I’ve participated in anti-vaccine internet forums where parents have a paranoia complex so severe that many think it would be best to lie to a doctor about a child’s vaccination status rather than confess that the child is not vaccinated. To them, the perceived risks of that confession were estimated to be higher than the risks of giving an incomplete, inaccurate medical history. This kind of reasoning only makes sense to comfortable liars whose need to feel secure with their poor decision supercedes concern for their child’s life. A delay in proper diagnosis of some vaccine preventable illnessses can be the difference between life and death.
Anti-vax and alt-med parenting groups operate with a cult-like secrecy and paranoia. While many will discuss their ideas openly, they tend to be hush hush about the sources they rely on for their information, knowing that their sources won’t be accepted as legitimate– or their interpretation will be shown to be wrong. Amongst their own, they are fully comfortable exploring the wildest hypotheses, subjecting their children (and sometimes their unsuspecting spouses) to dangerous experimentation, and badmouthing the organizations and government agencies that attempt to set standards for medical care and parenting.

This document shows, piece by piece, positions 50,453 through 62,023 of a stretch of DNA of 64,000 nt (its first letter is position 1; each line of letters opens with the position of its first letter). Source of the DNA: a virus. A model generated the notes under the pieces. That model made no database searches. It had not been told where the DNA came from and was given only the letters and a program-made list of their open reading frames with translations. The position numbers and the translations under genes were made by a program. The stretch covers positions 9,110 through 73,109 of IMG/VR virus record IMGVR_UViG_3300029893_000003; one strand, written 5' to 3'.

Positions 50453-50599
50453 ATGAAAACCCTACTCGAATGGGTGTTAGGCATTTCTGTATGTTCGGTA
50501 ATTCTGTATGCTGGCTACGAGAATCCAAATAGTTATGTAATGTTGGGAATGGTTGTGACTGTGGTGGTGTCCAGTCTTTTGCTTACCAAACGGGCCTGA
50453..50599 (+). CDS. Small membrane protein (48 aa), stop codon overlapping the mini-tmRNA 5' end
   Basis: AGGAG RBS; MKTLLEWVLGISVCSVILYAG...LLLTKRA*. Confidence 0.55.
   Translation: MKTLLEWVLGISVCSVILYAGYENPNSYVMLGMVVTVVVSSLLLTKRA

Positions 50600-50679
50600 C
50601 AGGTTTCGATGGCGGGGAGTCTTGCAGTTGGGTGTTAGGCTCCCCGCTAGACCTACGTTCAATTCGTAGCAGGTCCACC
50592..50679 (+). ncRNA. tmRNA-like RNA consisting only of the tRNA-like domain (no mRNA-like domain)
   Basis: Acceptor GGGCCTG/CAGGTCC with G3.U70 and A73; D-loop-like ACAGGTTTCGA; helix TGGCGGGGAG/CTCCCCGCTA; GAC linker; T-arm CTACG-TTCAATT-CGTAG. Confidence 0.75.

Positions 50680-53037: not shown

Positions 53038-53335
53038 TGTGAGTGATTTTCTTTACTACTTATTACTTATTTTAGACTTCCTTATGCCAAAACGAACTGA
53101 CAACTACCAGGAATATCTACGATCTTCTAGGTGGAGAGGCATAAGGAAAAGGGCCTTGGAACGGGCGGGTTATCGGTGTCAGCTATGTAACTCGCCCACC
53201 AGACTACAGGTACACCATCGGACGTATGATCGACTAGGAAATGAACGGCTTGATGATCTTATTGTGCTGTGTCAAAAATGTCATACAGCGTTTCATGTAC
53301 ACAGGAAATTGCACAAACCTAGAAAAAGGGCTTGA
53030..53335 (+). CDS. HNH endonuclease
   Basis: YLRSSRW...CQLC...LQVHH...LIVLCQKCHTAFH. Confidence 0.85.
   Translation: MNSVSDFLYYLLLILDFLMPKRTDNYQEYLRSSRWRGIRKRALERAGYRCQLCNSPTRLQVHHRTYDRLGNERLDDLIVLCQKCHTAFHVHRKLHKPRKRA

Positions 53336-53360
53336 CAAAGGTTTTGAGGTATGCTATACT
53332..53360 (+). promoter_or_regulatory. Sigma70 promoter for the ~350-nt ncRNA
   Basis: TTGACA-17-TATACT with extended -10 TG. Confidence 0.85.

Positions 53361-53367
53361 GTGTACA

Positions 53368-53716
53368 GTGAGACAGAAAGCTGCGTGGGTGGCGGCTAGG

As a homeschooling mom and a Christian, I’ve been exposed to a bizarre world of medical care denial in which vaccine rejection is just one slice of that pie (albeit a large one.) I’ve had sincerely concerned parents warn me about the dangers of CPS, the need to join the Homeschool Legal Defense Association (HSLDA) to protect myself, and repeat fairytales about CPS kidnappings that occur “because the baby was breastfed!” or “because the mother had a homebirth!” or “because the parents didn’t vaccinate their children!” or “because we homeschooled!”